NRA blames 'political correctness' for Orlando shooting
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The National Rifle Association (NRA) on Tuesday defended gun rights, two days after a gunman killed 49 people and left 53 others injured at a gay nightclub in Orlando.

"In the aftermath of this terrorist attack, President Obama and Hillary ClintonHillary Diane Rodham ClintonDHS secretary: No sign Russia targeting midterm elections at 2016 level Twitter suspends Guccifer 2.0 and DCLeaks accounts after indictments Elon Musk donated nearly K to Republican PAC, filings show MORE renewed calls for more gun control, including a ban on whole categories of semi-automatic firearms," Chris Cox, executive director of the NRA Institute for Legislative Action, wrote in a USA Today op-ed.

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"They are desperate to create the illusion that they’re doing something to protect us because their policies can’t and won’t keep us safe. This transparent head-fake should scare every American, because it will do nothing to prevent the next attack," he said.

Cox said "political correctness" allowed for the deadliest mass shooting in U.S. history to take place, noting that the FBI had interviewed the shooter multiple times since 2013 and that he maintained a government-approved security license.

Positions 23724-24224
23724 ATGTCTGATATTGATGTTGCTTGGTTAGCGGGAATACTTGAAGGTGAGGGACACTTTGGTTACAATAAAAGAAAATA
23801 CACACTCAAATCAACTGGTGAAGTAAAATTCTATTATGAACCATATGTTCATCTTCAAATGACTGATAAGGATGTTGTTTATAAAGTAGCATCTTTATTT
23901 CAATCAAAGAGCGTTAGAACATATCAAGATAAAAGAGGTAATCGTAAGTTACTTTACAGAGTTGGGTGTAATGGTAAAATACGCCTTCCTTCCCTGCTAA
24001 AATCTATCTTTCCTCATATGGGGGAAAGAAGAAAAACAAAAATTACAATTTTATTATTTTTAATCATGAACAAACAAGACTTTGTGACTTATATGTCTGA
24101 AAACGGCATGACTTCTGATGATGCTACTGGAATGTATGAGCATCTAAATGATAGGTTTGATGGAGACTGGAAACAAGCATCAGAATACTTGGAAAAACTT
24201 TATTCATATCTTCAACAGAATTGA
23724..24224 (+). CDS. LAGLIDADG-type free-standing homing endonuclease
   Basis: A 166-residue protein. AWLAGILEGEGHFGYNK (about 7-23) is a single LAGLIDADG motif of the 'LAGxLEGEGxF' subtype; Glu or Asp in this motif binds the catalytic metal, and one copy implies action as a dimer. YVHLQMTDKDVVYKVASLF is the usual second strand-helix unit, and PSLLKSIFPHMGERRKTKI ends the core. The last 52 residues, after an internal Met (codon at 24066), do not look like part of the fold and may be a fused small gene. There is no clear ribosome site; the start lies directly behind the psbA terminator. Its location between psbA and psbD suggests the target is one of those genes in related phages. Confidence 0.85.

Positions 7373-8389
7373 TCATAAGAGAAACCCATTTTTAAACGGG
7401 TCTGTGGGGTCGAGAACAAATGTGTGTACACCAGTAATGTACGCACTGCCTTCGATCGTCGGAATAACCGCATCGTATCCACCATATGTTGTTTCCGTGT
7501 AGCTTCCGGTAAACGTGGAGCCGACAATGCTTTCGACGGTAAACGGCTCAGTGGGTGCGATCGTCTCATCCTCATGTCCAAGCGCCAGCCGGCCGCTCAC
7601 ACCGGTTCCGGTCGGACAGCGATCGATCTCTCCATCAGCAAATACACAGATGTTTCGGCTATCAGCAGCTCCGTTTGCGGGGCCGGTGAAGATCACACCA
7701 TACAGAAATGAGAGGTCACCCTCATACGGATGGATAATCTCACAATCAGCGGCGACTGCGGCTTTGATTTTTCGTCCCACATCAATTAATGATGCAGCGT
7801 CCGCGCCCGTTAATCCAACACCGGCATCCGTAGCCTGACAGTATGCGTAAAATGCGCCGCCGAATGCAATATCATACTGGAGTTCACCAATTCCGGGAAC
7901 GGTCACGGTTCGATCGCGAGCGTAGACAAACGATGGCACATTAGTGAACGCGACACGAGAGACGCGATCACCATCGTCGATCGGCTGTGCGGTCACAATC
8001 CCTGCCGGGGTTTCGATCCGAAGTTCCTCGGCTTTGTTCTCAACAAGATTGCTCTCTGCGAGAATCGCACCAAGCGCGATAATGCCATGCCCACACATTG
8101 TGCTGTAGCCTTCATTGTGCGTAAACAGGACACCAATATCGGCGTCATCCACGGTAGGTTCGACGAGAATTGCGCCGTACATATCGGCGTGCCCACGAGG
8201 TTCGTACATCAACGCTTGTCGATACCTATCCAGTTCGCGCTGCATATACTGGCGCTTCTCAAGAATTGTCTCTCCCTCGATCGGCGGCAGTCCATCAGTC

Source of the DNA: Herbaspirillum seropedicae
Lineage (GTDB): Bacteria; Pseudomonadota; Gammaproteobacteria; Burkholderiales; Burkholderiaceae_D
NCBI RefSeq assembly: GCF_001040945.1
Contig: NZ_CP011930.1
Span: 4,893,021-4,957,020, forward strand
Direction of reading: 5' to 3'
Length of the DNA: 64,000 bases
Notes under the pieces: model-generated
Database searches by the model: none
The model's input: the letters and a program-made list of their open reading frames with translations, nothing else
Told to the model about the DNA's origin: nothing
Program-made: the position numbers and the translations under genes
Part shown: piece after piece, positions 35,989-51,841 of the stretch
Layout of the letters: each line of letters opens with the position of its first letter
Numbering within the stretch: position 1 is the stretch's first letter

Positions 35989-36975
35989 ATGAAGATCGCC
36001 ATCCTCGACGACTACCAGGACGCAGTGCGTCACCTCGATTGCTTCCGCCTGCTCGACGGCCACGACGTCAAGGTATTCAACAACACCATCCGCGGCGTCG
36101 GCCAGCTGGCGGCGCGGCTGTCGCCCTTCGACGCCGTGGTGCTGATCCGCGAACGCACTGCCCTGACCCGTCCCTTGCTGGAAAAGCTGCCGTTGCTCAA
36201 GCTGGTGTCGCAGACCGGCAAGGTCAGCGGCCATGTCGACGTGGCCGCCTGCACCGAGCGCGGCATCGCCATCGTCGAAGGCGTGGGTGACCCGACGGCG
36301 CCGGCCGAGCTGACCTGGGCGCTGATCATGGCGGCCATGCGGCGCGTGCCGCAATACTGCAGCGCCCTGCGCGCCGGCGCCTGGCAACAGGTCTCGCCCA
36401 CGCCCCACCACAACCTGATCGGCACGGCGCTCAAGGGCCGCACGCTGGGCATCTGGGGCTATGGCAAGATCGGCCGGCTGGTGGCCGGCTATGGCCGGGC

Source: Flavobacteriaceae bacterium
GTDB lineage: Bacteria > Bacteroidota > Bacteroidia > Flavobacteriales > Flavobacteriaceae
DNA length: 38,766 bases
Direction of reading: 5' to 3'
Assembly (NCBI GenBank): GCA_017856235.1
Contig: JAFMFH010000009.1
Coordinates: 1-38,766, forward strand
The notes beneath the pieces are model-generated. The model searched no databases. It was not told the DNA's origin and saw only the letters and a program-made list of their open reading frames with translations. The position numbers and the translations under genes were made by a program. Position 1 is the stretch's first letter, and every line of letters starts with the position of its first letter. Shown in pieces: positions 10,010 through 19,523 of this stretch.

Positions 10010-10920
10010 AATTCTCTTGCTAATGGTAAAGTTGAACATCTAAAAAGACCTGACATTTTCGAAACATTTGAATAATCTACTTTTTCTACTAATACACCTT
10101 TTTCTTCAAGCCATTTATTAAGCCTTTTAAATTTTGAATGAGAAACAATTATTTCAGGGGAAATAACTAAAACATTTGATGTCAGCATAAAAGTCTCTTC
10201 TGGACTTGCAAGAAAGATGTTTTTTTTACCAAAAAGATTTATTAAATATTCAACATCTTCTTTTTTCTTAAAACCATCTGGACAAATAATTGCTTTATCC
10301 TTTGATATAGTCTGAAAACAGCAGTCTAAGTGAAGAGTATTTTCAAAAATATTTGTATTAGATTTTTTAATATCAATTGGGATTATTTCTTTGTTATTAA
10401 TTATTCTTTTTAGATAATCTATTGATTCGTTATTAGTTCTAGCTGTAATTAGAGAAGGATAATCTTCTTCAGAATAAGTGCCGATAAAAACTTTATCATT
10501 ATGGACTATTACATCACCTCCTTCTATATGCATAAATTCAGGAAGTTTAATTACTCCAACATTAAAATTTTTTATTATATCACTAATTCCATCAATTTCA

"Unfortunately, the Obama administration’s political correctness prevented anything from being done about it," Cox wrote.

Presumptive Republican presidential nominee Donald TrumpDonald John TrumpReporters defend CNN's Acosta after White House says he 'disrespected' Trump with question Security costs of Trump visit to Scotland sparks outrage among Scottish citizens Ex-CIA officer: Prosecution of Russians indicted for DNC hack 'ain't ever going to happen' MORE, who the NRA has endorsed, also attacked "political correctness" in a speech following the shooting.

Democrats have renewed calls for gun control followed the attack early Sunday. The gunman used a pistol and an assault-style rifle.

Federal officials are investigating the case for any international terrorism ties but have so far called it an act of domestic terrorism, saying the gunman claimed an affinity for Islamic militant groups.

"Radical Islamic terrorists are not deterred by gun control laws," Cox wrote Tuesday, pointing to attacks in San Bernardino, Calif., Paris and Brussels.